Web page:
Gender and Performativity in Contemporary American Novel: A Butlerian Reading of Gone Girl by Gillian Flynn

Document Type: Original Article


1 Graduate Student of English Language and Literature, University of Kurdistan, Sanandaj, Iran

2 Assistant Professor of English Language and Literature, Persian Gulf University, Bushehr, Iran

3 Graduate student of TEFL, Sharif University of Technology, Tehran, Iran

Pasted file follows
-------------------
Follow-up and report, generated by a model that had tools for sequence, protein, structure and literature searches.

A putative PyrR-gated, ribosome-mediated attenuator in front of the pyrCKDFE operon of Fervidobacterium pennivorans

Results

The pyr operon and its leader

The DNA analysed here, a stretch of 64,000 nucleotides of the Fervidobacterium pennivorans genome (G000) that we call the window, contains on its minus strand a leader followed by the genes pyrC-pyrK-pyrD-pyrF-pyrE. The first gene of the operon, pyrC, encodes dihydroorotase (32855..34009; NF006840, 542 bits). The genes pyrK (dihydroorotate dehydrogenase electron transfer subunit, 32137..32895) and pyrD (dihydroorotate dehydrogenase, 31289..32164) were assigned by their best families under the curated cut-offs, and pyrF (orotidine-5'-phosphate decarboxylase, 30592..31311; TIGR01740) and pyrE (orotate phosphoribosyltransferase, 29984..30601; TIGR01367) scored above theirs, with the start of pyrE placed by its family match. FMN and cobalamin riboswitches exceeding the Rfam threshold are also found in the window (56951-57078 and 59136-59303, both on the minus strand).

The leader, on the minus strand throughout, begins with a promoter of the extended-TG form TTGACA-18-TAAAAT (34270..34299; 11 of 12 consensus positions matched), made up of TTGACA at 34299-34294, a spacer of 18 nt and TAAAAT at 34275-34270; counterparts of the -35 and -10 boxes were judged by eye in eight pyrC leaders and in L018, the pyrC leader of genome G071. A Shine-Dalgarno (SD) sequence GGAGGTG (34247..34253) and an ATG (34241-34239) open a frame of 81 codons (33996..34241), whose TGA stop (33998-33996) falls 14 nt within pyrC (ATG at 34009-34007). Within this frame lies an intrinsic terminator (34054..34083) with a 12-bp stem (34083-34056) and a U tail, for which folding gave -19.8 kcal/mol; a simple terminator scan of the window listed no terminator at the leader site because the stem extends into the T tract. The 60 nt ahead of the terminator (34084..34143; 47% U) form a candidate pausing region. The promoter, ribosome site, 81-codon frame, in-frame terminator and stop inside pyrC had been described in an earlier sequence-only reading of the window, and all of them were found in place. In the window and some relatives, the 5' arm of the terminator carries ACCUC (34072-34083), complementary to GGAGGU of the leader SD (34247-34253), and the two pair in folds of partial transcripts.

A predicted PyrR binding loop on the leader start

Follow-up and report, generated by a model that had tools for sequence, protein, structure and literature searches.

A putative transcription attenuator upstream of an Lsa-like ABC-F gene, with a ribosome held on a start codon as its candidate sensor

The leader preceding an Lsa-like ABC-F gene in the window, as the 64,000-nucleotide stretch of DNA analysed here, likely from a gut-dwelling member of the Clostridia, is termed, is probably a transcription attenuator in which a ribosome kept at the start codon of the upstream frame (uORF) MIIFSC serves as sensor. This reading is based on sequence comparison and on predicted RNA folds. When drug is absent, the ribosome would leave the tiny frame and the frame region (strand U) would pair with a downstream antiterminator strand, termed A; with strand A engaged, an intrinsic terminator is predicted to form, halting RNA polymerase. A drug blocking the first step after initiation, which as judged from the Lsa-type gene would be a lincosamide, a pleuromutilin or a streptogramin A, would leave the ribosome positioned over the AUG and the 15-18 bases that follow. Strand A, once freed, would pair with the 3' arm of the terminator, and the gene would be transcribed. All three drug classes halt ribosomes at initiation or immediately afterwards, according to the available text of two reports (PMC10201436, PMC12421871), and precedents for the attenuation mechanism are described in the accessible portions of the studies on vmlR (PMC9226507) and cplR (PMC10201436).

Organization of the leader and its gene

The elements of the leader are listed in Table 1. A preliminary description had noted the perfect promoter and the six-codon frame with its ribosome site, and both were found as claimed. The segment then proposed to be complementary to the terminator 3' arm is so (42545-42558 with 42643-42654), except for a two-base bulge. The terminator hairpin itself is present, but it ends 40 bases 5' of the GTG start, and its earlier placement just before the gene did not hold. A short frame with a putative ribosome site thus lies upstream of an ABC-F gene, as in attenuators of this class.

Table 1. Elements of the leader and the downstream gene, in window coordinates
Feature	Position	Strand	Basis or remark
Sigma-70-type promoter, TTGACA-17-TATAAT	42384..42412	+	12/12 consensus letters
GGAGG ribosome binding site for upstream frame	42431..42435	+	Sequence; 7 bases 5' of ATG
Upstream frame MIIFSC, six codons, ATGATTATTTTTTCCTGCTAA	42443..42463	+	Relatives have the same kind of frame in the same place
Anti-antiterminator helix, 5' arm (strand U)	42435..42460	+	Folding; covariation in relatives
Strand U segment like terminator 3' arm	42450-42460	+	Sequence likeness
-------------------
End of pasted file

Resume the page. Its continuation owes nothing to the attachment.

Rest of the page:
One of the most challenging approaches toward literary works is the feminist approach. After three waves of feminism through the history of literary criticism, Judith Butler has introduced a new vision that is gender-based rather than sex-based. She has strongly influenced the domain of feminism and queer theories. In her preeminent book Gender Trouble: Feminism and the Subversion of Identity (1990), Butler sharply criticizes the former feminists for their division of men and women into two distinct groups, the latter being the underdog and the former being the superior. Butler argues that gender is a cultural and social construct. One’s gender is performative for one’s actions, which determine and construct his/her gender identity. The present paper aims at investigating Gillian Flynn’s Gone Girl (2012) in terms of Butlerian concepts of gender and performativity. The novel takes advantage of certain characters to depict the idea of gender, as performative. The current study explores the concept of gendered identity focusing on the characters of Amy Elliott Dunne, Margo Dunne, and Maureen Dunne. Further investigations of the characters, particularly Detective Rhonda Boney and Amy Elliott Dunne, illustrate the link between the concept of performativity and the novel.